Senate Majority Leader Chuck Schumer, beaming with confidence after having proved his doubters wrong and expanded his majority in the midterm elections, vowed without hesitation that the Democratic Party will keep control again in two years.

“Yes, I absolutely do [believe it will] if we stick to our North Star, which is: help people with things that they need help with,” Schumer, D-N.Y., said in an interview Wednesday in the Capitol.

It will be a herculean task. Democrats are defending three seats in the Republican-leaning states of West Virginia, Montana and Ohio. They’re looking to hold five more seats in the closely divided states of Pennsylvania, Michigan, Wisconsin, Nevada and Arizona, where Sen. Kyrsten Sinema recently quit the party and became an independent. And their best pickup opportunities are in Republican-trending Florida and the GOP stronghold of Texas.

To get there, Schumer promised that Democrats will govern and campaign over the next two years as pragmatists, not ideologues. “We believe government should help everyday families, but on things they care about, not in some ideological way,” he said.

Schumer attributed his confidence to two factors.

First, he said, the Democratic-led Congress’ recent achievements will deliver results over the next two years that voters will reward. He cited the Inflation Reduction Act’s provisions to lower prescription medicine prices and cap Medicare out-of-pocket drug costs at $2,000 a year. And he said infrastructure spending will ramp up and semiconductors plants will be built because of the CHIPS and Science Act.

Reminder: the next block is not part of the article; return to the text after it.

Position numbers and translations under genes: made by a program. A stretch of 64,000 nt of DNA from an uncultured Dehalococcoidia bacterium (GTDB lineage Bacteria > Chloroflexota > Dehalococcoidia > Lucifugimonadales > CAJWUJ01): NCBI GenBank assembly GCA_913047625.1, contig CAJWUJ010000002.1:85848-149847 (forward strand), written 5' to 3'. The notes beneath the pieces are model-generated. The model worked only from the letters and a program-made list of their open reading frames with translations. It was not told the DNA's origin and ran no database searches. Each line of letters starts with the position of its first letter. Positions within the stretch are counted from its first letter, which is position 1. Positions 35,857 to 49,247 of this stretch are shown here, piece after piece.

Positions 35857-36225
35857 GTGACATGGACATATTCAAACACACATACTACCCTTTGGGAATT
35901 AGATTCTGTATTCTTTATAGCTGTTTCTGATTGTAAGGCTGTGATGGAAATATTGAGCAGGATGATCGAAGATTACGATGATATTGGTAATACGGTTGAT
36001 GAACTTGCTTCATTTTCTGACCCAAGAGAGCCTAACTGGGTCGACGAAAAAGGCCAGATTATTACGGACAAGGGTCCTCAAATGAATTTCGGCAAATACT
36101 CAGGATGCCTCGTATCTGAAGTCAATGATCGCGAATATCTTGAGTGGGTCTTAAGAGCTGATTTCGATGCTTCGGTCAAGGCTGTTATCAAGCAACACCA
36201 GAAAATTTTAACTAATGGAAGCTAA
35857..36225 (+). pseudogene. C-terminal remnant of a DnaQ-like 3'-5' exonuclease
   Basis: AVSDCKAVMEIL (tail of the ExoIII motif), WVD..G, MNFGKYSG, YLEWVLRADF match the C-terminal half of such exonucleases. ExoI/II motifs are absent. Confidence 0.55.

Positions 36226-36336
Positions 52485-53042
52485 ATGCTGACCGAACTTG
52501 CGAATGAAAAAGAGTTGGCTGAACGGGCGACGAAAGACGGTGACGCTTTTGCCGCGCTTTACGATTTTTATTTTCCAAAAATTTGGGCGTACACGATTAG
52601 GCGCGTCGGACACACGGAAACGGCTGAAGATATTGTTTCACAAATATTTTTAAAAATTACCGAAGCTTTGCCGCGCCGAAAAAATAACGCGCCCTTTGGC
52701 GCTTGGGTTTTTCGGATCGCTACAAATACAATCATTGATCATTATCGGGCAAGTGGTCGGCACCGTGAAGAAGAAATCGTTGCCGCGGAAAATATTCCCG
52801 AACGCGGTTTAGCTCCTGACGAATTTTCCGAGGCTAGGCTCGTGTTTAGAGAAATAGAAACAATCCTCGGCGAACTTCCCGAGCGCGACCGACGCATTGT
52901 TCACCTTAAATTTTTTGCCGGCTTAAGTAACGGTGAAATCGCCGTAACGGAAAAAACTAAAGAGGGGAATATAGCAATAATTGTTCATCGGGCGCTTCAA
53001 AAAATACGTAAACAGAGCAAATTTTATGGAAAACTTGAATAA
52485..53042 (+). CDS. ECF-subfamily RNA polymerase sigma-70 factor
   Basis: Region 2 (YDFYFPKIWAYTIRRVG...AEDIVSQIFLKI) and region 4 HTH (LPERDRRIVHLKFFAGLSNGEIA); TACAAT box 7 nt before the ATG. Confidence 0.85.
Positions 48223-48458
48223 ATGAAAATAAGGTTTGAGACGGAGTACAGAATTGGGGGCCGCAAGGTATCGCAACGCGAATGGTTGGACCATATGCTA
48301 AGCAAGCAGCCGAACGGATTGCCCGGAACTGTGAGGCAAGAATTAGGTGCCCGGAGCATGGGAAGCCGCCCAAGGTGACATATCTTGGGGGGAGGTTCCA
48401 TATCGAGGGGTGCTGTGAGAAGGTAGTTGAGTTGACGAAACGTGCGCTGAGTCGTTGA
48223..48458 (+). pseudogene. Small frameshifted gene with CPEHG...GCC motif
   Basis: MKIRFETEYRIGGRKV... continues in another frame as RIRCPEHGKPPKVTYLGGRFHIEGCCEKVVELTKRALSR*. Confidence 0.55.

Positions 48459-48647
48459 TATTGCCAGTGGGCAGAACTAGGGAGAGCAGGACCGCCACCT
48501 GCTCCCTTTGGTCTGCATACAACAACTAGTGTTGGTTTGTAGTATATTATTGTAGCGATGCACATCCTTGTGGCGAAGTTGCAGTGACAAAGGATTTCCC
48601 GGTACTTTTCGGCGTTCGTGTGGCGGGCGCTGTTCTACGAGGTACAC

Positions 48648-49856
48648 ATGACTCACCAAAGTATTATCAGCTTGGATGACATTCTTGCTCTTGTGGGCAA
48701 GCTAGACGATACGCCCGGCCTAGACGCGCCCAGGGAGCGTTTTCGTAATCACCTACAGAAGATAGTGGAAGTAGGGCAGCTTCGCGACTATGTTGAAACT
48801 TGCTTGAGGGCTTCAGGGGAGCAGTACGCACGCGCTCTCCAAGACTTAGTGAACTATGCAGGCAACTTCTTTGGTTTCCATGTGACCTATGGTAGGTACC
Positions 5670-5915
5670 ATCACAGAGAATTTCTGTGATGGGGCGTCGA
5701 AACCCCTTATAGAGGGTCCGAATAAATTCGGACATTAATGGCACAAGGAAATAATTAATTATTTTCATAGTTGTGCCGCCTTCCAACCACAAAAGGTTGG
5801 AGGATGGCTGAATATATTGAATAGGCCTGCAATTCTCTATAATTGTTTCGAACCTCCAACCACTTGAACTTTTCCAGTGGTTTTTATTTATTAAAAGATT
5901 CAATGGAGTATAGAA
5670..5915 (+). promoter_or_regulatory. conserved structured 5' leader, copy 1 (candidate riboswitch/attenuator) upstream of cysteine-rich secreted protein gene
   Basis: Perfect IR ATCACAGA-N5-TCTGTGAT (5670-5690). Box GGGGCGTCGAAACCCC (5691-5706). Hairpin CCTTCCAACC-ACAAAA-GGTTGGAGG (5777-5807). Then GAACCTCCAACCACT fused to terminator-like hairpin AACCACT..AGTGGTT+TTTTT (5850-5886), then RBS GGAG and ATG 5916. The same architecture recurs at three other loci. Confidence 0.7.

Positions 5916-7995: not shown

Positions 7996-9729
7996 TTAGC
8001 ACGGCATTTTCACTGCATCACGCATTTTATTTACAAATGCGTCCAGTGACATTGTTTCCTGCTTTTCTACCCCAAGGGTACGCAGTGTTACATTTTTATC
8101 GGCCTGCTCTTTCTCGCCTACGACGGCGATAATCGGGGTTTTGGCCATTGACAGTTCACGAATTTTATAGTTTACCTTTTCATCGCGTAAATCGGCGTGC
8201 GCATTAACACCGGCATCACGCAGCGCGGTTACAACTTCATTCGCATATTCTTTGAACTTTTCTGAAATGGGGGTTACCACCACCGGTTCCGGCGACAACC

“There’s a lot of benefits that are already in the pipeline,” he said.

Second, he argued, Democrats won this year by driving a contrast with Republicans, running as a party that’s “getting things done,” as opposed to a GOP that he claimed has been captured by extremist forces aligned with former President Donald Trump. Schumer pointed to the newly conservative Supreme Court, which rolled back abortion rights and expanded the right to carry guns this year.

As a result, Schumer warned that suburban voters who have ditched the GOP in recent years will see no reason to return, calling it “part of a realignment” in the American electorate.

“The MAGA influence on the party will not go away very quickly. They’re very strong. They’re very active. They’re hard-right,” he said, arguing that “that MAGA group that’s way out there” will hurt Republicans even if Trump isn’t their 2024 presidential nominee.

“You put those two things together, and I think the election results in 2024 might be better than a lot of people are now predicting,” he said.

Republicans are pointing fingers over a disastrous 2022 election result, in which they squandered a host of opportunities to pick up seats as midterm elections almost always benefit the party out of the White House. Instead, Democrats expanded their Senate majority from 50 to 51 seats.

Senate Minority Leader Mitch McConnell, R-Ky., blamed the party’s poor showing on “candidate quality” problems in key races, arguing that Trump’s endorsements propelled flawed candidates in GOP primaries in states like Arizona and Georgia, who went on to lose to Democrats in the general election.

“I do think we have an opportunity to relearn, one more time: We have to have quality candidates to win in competitive Senate races,” McConnell told reporters Tuesday.

Asked Wednesday whether the party will be more active in picking candidates in primaries, Sen. Steve Daines, R-Mont., the incoming chair of the National Republican Senatorial Committee, said simply: “We want to win general elections.”


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